5G for defense: U.S. military wants open interfaces, compact infrastructure

The U.S. military wants military tech solutions that are powerful, mobile, and reliable. Private industry plays a critical role in helping U.S. military personnel stay connected, both at home and on the battlefield. 

U.S. military leaders are telling the wireless and satellite industries they see great potential in 5G, and they’re asking for standards, open interfaces and simple devices.

“I am excited to see what the next couple of years will bring,” said Brigadier General Steve Butow, space portfolio director at the U.S. Defense Innovation Unit. “It is important to take advantage of technologies produced at scale.”

Butow joined Colonel Joseph Roberts, assistant program executive officer, PEO C3T, U.S. Army, on a panel at SATELLITE 2023 entitled “The Role of Space-Based 5G in Military Communications.” Executives from defense contractor Lockheed Martin and satellite giant Hughes were also on the panel.

Roberts said space-based 5G can be a “game changer” because it creates “the opportunity to connect every soldier on the battlefield.”

Butow encouraged the wireless industry to “migrate to open architectures.” He said that if the industry adopts open interfaces it will “create an environment where we can do lots of business with you.” 

At least one satellite operator is also advocating for open interfaces for the wireless infrastructure industry. Open RAN is a top priority for Hughes in its work with Dish Network, explained Rick Lober, VP and GM at Hughes’ government and defense division. “We are pushing that very hard,” he said, adding “I’m not sure everyone is on board.”

Lober added that he hopes users of network infrastructure will take full advantage of open RAN by working with a diverse set of vendors. “If you are going to have a program that is about open standards, do not award it to one company,” he said.

5G standards

Dawna Morningstar, director, next generation solutions at Lockheed Martin, said industry standards are “the critical underpinning” that enables interoperability and scalability. She said Lockheed Martin is actively engaged with wireless industry standards boards.

Morningstar highlighted 3GPP Release 17’s inclusion of interoperability with non-terrestrial networks. “We can now have these open solutions for air and space that can integrate seamlessly with the terrestrial networks,” she said. “We can get the intelligence down where it needs to be, and back up and distributed.”

Roberts said another benefit of using 3GPP standards for military communication is cross-border communication. “Because 5G is a commercial standard, a lot of our coalition partners can adopt it,” he said. “We can connect through common infrastructure to our coalition partners.”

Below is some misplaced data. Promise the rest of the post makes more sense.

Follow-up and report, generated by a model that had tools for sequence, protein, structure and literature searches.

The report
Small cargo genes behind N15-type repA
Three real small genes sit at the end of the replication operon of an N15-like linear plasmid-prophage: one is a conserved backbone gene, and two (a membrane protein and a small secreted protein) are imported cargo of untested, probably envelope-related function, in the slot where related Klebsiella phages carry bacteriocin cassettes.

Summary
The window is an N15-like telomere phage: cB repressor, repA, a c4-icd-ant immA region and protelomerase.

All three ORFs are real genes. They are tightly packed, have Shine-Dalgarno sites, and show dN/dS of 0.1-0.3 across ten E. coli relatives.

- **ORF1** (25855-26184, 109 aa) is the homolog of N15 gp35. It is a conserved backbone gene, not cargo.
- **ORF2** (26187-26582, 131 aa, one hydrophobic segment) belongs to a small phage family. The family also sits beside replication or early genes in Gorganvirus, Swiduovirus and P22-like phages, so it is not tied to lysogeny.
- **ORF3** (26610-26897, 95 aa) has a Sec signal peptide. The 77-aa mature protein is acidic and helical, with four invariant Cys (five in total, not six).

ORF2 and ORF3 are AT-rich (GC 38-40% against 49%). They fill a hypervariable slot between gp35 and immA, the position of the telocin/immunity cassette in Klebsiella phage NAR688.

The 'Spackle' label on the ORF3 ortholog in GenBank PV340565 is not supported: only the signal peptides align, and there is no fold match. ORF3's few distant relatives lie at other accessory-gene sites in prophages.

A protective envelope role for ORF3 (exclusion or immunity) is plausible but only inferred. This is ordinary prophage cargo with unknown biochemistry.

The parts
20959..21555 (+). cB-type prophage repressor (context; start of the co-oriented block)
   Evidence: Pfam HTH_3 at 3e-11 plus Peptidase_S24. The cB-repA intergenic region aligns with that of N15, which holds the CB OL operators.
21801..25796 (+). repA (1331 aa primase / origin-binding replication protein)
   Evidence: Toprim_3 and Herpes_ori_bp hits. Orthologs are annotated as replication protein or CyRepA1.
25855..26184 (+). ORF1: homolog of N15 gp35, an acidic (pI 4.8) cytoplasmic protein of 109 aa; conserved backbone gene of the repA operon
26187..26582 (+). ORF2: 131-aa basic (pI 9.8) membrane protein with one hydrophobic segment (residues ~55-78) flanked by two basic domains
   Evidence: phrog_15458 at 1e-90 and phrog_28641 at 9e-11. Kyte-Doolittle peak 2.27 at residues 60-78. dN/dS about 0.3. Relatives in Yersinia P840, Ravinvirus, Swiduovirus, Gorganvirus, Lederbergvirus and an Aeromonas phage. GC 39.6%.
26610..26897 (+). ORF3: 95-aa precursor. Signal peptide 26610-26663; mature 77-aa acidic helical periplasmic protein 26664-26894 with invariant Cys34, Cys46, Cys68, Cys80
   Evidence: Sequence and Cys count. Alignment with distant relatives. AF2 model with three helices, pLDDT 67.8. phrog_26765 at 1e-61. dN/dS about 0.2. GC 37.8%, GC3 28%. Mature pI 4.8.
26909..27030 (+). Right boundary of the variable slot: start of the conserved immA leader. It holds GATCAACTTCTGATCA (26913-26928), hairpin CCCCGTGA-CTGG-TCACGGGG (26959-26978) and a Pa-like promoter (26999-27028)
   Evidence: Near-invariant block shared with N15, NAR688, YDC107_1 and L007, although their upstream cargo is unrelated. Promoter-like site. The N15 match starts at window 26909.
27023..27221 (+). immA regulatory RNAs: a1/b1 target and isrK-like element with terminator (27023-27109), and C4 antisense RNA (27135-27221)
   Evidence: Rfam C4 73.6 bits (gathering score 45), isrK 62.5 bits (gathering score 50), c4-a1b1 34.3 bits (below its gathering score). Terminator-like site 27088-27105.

Portable infrastructure

In a separate conversation with FierceWireless, Verizon’s Cory Davis, AVP Public Safety at Frontline, said the military is interested in portable 5G private network solutions. Verizon’s Tactical Humanitarian Operations Response (THOR) 5G on wheels has the capabilities the military wants, Davis said, but the form factor is too big for some use cases.

“They want to put THOR in a backpack and take it to the desert,” Davis said.

Roberts challenged the wireless industry to create portable solutions during the SATELLITE 2023 panel. “Can you apply the standards in a form factor for a tactical user who is always on the move in places where spectrum is contested and being detected means you get shot at?” he said. He added that battlefield devices need to operate with “limited power, limited space and limited cooling.” Another limitation is the amount of time and attention a deployed soldier can spend learning to use battlefield devices. “Don’t give me solutions for a guy in a lab with a Ph.D,” he said. “Look at your solutions in my environment. Don’t tell me to come to your environment.”

Davis said Verizon has been working to shrink its mobile 5G solution and also to add a 5G standalone core to enable network slicing. The operator has already developed a mobile 5G standalone network called THOR’s Hammer, but it currently is deployed on a 30-foot trailer.

Hughes’ Lober also referenced the need for portable infrastructure. He said he is “struggling with a major provider right now” as their teams try to balance the benefits of a cloud-based 5G core with the portability of a physical core. “We are trying to solve that right now with some of the core vendors,” Lober said. Two challenges are working with international providers and “making the price point available at scale.”


This article was written by Martha DeGrasse from FierceWireless and was legally licensed through the Industry Dive Content Marketplace. Please direct all licensing questions to legal@industrydive.com.